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Lava Jato

7 posts

Data Journalism

GIJN’s Data Journalism Top 10: Weird Maps, ‘Out of Control’ Airbnb, Augmented Reality Graphics, Russian Doctors, Brazilian Data

What’s the global data journalism community tweeting about this week? Our NodeXL #ddj mapping from February 17 to 23 finds geographer Tim Wallace collecting some amusingly unusual maps, The Guardian analyzing the effect of Airbnb’s prevalence on home ownership in Great Britain, the Data Visualization Society evaluating the successes and shortcomings of its first year, and former Ogilvy & Mather chief creative officer Tham Khai Meng sharing how a Japanese newspaper utilized augmented reality to animate graphics.

News & Analysis

What Investigative Journalism Will Look Like in 2020

GIJN asked investigative journalists around the world to look ahead at what’s in store for 2020. Here are the trends, key forces, and challenges they expect will affect investigative and data journalism in the coming year, as well as the new skills and approaches we should be thinking about.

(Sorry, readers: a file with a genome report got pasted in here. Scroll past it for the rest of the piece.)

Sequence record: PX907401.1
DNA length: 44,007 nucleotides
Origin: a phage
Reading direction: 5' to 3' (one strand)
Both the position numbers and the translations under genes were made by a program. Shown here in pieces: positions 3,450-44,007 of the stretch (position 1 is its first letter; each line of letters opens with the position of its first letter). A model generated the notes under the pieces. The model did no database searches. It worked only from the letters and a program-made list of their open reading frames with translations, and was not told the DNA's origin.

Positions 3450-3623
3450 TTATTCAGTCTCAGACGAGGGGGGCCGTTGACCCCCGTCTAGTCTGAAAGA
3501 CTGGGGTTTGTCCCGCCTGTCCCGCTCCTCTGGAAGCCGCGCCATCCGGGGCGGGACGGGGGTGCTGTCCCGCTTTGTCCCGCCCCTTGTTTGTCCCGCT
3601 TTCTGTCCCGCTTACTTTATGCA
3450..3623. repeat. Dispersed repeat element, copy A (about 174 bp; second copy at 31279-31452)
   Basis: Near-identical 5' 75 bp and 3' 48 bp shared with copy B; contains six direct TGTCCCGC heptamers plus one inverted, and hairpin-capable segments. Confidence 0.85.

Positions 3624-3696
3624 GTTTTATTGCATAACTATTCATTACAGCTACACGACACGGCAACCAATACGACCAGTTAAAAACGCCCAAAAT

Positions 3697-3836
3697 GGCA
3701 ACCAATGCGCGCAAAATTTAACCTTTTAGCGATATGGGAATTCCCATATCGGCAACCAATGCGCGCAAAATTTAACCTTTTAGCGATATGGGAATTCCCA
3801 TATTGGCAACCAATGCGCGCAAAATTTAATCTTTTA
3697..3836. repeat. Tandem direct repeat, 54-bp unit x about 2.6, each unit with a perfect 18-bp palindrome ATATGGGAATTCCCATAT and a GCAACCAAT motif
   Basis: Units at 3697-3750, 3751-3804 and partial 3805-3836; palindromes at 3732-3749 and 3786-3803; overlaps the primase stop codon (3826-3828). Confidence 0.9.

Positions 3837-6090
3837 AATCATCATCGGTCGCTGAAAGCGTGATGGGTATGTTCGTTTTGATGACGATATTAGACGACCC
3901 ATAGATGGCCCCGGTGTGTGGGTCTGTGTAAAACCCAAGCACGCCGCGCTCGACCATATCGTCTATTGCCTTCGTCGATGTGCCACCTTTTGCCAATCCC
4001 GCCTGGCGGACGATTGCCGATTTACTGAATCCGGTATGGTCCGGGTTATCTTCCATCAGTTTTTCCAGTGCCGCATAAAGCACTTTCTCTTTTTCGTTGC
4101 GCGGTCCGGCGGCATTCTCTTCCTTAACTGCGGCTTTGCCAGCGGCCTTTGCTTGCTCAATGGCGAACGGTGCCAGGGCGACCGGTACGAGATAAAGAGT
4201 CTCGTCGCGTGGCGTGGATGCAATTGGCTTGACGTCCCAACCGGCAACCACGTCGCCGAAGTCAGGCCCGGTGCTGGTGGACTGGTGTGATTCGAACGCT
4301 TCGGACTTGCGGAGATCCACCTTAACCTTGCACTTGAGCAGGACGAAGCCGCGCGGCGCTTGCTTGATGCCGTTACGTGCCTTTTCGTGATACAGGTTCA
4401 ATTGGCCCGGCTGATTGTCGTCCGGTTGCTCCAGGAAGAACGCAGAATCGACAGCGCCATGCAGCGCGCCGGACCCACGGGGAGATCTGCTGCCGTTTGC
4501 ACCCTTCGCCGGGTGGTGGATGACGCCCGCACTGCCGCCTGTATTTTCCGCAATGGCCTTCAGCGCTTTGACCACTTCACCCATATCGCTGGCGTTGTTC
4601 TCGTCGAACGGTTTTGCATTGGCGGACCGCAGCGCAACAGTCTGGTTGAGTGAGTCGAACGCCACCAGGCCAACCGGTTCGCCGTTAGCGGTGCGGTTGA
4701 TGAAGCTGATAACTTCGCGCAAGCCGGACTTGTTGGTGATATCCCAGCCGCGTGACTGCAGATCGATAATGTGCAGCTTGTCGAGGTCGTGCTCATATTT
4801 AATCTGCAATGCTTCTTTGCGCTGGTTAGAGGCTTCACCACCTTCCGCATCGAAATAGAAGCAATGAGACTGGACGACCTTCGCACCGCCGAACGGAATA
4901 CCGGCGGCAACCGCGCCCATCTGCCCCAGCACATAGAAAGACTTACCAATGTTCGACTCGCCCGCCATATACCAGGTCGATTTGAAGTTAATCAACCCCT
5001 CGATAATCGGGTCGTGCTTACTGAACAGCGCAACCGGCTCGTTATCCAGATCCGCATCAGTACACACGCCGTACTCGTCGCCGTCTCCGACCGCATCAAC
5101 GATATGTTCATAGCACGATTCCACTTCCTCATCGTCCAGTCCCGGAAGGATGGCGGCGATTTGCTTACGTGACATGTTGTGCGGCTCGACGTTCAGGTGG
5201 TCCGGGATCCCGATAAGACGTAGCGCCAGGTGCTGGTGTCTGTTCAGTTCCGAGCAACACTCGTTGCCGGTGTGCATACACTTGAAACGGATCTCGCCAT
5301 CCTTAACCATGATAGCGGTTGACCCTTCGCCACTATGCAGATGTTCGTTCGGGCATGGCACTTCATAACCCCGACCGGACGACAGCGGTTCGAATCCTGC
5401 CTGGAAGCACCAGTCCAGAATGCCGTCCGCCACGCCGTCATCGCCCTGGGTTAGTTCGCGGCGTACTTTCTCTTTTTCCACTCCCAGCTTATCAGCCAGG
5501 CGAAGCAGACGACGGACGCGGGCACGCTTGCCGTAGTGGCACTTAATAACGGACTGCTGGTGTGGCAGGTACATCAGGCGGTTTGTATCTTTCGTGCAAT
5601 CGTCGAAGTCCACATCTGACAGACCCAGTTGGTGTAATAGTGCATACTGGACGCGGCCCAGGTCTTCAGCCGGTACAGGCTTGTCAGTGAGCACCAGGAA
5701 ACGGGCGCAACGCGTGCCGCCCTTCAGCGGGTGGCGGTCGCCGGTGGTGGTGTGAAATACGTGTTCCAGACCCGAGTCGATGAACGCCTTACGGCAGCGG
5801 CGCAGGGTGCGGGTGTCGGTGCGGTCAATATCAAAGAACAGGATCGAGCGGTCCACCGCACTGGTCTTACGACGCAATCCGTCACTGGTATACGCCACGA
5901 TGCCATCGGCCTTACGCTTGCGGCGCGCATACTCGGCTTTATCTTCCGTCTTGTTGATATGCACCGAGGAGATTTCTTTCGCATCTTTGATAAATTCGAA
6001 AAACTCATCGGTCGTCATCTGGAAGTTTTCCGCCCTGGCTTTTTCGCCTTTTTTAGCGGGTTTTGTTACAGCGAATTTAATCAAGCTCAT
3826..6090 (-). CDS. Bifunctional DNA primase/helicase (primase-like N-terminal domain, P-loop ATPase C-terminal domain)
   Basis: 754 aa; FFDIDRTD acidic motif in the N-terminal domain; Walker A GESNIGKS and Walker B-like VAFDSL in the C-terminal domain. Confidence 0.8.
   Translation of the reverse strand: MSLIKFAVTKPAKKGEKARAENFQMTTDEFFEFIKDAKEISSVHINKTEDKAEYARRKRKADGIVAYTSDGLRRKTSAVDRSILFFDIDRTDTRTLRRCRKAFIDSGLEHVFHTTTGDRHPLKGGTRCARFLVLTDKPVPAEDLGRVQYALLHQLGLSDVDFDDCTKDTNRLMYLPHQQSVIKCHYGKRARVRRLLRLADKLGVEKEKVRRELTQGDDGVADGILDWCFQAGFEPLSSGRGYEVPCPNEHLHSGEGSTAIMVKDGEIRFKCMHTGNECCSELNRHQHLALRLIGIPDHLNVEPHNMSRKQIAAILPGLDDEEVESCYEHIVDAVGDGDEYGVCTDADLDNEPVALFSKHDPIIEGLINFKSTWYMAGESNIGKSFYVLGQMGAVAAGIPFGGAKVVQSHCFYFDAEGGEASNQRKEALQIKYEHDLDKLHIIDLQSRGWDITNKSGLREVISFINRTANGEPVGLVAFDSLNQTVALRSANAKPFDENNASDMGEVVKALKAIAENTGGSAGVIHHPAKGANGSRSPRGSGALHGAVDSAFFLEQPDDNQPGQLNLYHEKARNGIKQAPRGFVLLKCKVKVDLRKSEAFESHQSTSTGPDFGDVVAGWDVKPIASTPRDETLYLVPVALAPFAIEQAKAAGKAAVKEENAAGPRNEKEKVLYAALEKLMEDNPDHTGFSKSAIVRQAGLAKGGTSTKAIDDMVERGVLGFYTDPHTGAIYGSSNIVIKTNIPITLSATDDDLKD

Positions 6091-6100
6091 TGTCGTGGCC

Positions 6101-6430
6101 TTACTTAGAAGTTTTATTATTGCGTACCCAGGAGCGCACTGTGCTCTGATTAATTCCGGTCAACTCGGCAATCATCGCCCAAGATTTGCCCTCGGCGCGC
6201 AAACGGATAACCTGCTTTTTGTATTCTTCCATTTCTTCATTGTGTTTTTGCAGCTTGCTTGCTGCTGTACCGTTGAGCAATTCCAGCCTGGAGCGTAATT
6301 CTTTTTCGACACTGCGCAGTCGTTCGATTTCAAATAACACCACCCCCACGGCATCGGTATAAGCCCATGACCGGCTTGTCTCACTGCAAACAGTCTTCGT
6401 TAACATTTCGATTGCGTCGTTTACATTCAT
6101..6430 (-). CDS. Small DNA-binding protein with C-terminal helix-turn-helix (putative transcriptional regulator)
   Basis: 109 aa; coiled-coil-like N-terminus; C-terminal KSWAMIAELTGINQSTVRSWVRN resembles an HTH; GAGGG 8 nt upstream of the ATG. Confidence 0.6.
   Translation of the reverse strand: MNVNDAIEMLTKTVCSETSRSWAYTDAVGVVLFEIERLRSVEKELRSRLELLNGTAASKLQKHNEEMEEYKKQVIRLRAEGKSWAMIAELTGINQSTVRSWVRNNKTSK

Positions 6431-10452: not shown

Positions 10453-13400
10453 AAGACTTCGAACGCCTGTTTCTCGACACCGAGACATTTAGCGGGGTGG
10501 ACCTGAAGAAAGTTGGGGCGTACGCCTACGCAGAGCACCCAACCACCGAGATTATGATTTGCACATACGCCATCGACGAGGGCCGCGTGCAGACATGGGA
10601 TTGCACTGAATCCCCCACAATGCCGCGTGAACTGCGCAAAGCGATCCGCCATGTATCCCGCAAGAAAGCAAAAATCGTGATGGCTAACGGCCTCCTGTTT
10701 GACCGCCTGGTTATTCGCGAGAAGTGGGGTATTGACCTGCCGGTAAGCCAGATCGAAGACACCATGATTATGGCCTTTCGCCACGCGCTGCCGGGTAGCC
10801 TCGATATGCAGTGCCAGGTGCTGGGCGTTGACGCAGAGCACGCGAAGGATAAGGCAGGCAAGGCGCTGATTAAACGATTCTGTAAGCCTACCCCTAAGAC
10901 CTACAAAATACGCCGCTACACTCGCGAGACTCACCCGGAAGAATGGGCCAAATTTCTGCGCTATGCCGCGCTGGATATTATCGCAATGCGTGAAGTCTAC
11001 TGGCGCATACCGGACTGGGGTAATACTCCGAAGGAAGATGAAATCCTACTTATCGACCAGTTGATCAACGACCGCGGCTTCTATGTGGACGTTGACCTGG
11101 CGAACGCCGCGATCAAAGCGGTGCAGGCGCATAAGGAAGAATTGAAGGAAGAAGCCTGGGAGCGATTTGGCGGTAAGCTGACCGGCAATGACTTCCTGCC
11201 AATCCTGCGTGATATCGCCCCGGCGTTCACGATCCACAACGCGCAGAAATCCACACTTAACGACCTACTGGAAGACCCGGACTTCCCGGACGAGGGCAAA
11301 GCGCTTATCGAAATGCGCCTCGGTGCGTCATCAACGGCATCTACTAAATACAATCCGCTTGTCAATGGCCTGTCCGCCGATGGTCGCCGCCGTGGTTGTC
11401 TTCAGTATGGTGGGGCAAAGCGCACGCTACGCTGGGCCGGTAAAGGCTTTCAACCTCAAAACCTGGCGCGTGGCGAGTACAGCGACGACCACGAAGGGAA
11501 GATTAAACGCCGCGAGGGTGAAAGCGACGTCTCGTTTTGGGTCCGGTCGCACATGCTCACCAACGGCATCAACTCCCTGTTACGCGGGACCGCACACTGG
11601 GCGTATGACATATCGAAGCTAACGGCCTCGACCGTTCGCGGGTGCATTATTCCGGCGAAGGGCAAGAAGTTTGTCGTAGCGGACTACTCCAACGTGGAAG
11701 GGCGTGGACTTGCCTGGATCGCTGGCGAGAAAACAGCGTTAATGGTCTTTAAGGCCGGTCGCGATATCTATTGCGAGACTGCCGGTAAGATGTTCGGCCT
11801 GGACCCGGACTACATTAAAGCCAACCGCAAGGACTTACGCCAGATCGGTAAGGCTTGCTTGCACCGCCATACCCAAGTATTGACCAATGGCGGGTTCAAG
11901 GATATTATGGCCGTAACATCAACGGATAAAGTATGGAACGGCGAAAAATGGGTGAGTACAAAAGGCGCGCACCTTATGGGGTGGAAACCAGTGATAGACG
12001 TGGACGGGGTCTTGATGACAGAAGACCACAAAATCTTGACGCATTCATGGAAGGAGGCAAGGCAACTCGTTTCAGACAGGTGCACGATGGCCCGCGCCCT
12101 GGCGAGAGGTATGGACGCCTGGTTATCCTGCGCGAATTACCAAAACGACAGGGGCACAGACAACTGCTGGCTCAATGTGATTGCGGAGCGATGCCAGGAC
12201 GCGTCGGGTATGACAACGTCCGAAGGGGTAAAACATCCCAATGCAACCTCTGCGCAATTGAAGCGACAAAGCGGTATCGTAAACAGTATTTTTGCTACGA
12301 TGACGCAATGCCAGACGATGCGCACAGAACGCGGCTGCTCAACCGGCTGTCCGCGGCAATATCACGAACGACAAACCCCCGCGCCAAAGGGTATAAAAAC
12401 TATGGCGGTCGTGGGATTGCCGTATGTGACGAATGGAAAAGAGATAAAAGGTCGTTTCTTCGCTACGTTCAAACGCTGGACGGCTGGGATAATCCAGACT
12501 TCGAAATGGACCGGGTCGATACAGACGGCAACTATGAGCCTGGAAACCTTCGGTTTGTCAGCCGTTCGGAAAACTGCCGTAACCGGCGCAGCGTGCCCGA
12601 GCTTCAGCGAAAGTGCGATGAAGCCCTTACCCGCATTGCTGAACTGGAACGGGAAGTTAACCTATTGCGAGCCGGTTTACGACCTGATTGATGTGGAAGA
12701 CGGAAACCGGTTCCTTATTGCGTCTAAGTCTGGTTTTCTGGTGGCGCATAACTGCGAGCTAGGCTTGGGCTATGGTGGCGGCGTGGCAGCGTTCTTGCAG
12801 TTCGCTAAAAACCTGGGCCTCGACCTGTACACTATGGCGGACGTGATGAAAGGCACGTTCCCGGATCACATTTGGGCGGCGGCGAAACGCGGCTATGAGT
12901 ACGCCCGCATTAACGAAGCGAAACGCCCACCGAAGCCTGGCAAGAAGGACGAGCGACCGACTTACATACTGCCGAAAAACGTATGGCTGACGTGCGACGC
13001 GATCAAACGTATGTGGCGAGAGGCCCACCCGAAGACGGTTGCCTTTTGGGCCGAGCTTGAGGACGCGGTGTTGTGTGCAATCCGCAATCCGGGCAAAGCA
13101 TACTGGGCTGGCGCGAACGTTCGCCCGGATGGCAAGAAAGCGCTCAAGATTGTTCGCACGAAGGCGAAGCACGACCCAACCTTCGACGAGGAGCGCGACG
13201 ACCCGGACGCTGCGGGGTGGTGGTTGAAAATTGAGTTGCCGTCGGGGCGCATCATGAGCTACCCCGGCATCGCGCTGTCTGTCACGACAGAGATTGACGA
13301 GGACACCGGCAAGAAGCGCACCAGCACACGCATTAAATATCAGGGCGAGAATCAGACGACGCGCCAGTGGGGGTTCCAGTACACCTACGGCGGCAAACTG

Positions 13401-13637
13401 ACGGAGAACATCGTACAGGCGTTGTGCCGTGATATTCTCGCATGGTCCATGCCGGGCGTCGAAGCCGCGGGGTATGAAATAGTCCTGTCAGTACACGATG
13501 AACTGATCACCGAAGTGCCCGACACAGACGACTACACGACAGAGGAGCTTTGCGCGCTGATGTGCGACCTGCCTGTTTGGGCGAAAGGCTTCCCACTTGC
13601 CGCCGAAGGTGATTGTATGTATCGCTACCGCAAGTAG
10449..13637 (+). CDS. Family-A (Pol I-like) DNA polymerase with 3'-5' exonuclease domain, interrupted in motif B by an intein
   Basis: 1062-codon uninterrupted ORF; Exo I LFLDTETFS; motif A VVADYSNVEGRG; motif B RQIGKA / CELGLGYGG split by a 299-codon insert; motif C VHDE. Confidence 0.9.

Drumroll Please! Our Global Shining Light Award Finalists Are…

In the run-up to the 2019 Global Investigative Journalism Conference in Hamburg this September 26 to 29, we’re featuring one Global Shining Light Award finalist per day. First up: “Car Wash” and “White Collars,” by Peru’s IDL-Reporteros.

Case Studies

How Lava Jato Brought Together Latin America’s Investigative Journalists

To expose the massive, cross-border corruption scandal that came to be known as Operação Lava Jato, or Operation Car Wash, journalists from across Latin America had to find ways to work together. In the process, they transformed investigative journalism in the region. GIJN Spanish Editor Catalina Lobo-Guerrero wrote the story of their epic collaboration.

News & Analysis

Peru’s IDL-Reporteros Stands Up to Prosecutors

Peru’s IDL-Reporteros was facing pressure from the Peruvian judicial and legislative authorities to reveal its journalistic sources after publishing a report revealing alleged acts of corruption in the judicial system. But after a push back by journalists and civil society, prosecutors have rescinded their orders.